Tim Steller: Turnover rampant in CPS jobs, keeping agency in crisis

2013-05-03T00:00:00Z 2013-05-03T12:39:05Z Tim Steller: Turnover rampant in CPS jobs, keeping agency in crisisTim Steller Arizona Daily Star Arizona Daily Star
May 03, 2013 12:00 am  • 

It's not the recruitment video you'd expect. One by one, workers hit you with the tough reality of working for Child Protective Services.

"When we knock on a door, we're rarely welcome, and we face hostility much of the time," says Laurie White, a CPS program manager in Flagstaff, in a 25-minute video on the website where CPS posts its job openings.

"Many people don't understand it's not an 8-to-5 job. It never will be, because you cannot, first of all, fit all the work in an eight-hour day, and there are always circumstances that will keep you out in the field later hours or come in early, sometimes on weekends," warns Ursula Garza, from the CPS Casa Grande office.

"On any given day, a CPS case manager may visit a filthy, insect-infested home to see children who haven't been cared for in days. Or pick up a child at the hospital with cuts, bruises, broken bones or worse - injuries that can't be explained as accidental," says CPS employee Monica Snyder.

The video, titled "It's Not Just a Job: A Realistic Preview of a Career in Child Protective Services," appears aimed at reducing turnover by hiring people who know what they're getting into. Last year the turnover rate among nonsupervisor positions was 29 percent.

It's alongside postings where an entry-level job pays $33,312 a year.

Adding good employees who stay is crucial to ending the years-long crisis at CPS, which is perpetually understaffed, often by the hundreds of employees. That's a key reason the Legislature needs to pass Gov. Jan Brewer's budget request of $77.6 million for the agency.

It would fund 200 more workers, which can help ensure that CPS responds adequately to reports of abuse or neglect. It would also give the agency a better chance of preventing child abuse through interventions with troubled families.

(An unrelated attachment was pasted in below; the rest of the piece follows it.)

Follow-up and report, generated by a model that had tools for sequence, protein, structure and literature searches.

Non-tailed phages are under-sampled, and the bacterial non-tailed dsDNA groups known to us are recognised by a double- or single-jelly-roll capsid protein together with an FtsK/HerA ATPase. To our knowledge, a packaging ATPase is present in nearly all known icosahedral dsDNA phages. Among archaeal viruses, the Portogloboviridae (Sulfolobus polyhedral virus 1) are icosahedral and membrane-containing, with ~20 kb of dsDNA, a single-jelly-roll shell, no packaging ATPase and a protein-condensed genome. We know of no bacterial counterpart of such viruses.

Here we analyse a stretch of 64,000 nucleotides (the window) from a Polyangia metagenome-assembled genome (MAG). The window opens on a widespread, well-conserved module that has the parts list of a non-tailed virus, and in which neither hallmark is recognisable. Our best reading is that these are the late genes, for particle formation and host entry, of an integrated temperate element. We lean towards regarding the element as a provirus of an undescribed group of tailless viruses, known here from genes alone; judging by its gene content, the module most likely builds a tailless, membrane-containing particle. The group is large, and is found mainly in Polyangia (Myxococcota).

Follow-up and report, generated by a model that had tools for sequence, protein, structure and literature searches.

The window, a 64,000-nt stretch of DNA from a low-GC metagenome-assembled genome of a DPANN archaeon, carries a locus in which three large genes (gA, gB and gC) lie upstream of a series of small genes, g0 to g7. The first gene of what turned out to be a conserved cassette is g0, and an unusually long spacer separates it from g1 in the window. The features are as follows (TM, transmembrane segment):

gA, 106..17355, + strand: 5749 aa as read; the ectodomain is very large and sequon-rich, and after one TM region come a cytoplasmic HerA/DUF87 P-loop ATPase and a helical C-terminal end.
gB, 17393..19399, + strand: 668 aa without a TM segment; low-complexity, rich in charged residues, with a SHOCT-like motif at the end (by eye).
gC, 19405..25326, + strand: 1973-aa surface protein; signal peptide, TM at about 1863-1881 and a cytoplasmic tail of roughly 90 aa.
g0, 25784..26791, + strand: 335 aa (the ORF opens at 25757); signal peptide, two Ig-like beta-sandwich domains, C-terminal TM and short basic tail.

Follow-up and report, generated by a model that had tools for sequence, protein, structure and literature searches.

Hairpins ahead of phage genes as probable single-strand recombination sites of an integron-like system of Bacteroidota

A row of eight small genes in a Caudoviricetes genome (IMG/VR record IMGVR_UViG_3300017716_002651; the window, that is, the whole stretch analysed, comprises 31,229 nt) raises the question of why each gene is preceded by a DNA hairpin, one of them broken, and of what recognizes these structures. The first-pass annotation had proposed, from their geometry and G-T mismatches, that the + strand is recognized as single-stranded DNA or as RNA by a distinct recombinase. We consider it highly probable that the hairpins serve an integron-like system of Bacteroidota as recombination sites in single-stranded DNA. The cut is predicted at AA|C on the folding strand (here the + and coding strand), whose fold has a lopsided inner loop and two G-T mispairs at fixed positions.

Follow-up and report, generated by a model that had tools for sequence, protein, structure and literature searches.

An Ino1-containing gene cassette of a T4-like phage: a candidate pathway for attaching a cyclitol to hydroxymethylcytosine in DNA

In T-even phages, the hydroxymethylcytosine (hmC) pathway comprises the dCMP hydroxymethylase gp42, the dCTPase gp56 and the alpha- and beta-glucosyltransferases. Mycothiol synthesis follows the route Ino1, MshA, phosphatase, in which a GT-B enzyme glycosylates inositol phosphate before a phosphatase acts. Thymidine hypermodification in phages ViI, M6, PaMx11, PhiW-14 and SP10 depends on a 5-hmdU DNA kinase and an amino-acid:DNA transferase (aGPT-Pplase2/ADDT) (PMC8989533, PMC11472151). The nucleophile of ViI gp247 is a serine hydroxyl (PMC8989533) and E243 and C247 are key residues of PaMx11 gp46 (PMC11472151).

"Caseworkers who work at CPS have far more cases than they can handle at a time," said Dana Naimark, president of the Children's Action Alliance. "They're not seeing the kids; they're not responding to foster parents. They simply can't."

The alliance pointed out that of 20,597 cases opened by CPS between July 1 and Dec. 31 of last year, almost half remained open in early March.

"That means there are kids in danger," Naimark said.

The danger has led to tragedy for some kids who were the subjects of complaints to CPS but ended up dead at the hands of their parents or guardians. Za'Naya Flores, a 21-month-old Tucson girl, died of starvation in January 2012 despite being under CPS supervision.

The reasons for high turnover in CPS are well-known, disclosed in that video and common nationwide.

"The work is demanding. Workers aren't expecting it to be so complex and demanding. Workers aren't well-supported by supervisors or the agency. They're held accountable and never supported to do good work," Nancy Dickinson, director of the National Child Welfare Workforce Institute, told me Thursday.

That's typical nationwide, but Arizona's problems have been more severe and have persisted even after significant reforms, set in motion by the governor in 2011, in how CPS does its work. The agency reduced paperwork requirements to give caseworkers more time to work with families. It also added a new job classification for higher-level line workers, allowing them a path to promotion in the agency.

Nevertheless the downward spiral has continued in CPS - workers leaving, consequently giving the remaining workers a higher caseload, at least temporarily, and making them want to leave.

I talked with a CPS retiree about her time at the agency, and her story made clear that though it's grown worse, working at CPS has never been easy.

"It was nonstop," said Carmen Belloso, who retired as a CPS investigator in 2004 and now works at Child and Family Resources in Tucson. "It was easy to carry a caseload of 100."

"That's the reason there's always turnover. Because it's stressful," Belloso said.

All that, and the starting pay for those with a master's degree in social work is just $35,730, or about $17 per hour.

Contact columnist Tim Steller at tsteller@azstarnet.com or 807-8427. On Twitter @senyorreporter

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